• I’m fine, please don’t worry about me. I’m one of those folks who, through a combination of really good luck and lot of hard work, is in that one percent of designers who can more or less make a decent living at this.  I’ve been doing this for ten year (five years full time), and I put out patterns at a ridiculous rate. (That picture up at the top? That’s some of the patterns that I have coming out in the rest of this year. Not all of them, because they’re not all knit yet because it’s only May.  But some.) I’m married, my husband’s job comes with health insurance, and we don’t have kids.  I keep my expenses low, and I’m fine.
  • I’m not planning to raise my prices right now (though I’m sure I will at some point in the future).  I raised them last September (fifty whole cents, less than the cost of a stamp…and yup, I got some nasty messages about it), and I try not to raise them more than once a year or so.  That said, I fully support anyone who does want to raise theirs, and I do think it would be good if knitting pattern prices were higher overall.  I feel that, as someone who has been doing this for a long time and is fairly stable, it’s actually good for me to keep my prices on the high end.  Mostly so I can keep doing this work.  But also because I think it helps establish that patterns have worth and it’s ok to charge for them (and I have enough practice to deal with it when folks send nasty messages).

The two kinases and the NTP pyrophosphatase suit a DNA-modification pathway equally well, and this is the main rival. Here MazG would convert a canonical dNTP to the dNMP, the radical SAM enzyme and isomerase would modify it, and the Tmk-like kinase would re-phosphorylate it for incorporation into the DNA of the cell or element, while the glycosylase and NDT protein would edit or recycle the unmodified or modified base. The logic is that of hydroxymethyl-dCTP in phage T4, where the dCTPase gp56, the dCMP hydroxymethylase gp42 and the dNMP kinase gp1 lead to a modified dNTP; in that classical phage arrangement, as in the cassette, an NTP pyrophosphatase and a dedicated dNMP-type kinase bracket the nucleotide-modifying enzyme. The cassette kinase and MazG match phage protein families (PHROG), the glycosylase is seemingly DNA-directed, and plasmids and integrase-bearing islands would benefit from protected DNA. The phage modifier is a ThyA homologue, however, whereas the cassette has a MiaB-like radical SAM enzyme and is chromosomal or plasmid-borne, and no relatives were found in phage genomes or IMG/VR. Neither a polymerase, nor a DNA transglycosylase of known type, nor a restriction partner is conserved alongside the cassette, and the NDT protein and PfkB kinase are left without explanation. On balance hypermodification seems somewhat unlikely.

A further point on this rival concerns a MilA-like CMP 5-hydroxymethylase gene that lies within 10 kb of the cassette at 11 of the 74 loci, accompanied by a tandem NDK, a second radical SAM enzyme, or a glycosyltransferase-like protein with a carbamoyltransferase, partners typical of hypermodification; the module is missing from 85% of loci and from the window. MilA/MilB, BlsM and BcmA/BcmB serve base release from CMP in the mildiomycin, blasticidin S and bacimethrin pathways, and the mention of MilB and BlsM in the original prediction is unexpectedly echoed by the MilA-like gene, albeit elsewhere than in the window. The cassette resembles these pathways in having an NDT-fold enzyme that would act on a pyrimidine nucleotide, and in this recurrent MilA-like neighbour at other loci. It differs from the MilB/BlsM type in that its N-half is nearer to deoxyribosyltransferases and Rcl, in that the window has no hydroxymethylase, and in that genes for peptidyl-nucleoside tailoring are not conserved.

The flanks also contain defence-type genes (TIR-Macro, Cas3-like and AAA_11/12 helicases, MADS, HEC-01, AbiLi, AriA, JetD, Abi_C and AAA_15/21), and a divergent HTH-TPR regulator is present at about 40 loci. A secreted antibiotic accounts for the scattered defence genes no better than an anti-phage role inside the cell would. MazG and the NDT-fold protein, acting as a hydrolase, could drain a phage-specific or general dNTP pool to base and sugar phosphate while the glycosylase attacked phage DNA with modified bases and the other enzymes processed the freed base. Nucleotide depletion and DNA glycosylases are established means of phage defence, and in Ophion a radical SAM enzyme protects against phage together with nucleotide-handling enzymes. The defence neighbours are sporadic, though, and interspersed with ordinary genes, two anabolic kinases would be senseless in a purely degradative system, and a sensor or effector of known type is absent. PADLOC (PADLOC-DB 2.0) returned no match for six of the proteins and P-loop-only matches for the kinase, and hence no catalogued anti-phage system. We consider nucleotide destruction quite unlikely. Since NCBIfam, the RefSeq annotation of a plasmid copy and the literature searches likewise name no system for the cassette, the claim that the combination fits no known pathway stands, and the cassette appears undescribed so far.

• And finally, if you want to knit my stuff but the price is a barrier, be sure you’re on the mailing list.  Mailing list folks always get new patterns for 15% off the first few days they’re out, and they get a heads up when I do big sales (like the indie giftalong in November and the countdown sale in December, both of which let you get a lot of my favorite patterns for 25% off).  And all my books should be available at your library (they can request them if they don’t have them on the shelf right now)…I adore libraries and am one hundred percent cool with you getting my books there!

Ok…well that was fun.  I told you it wouldn’t all fit in an instagram post!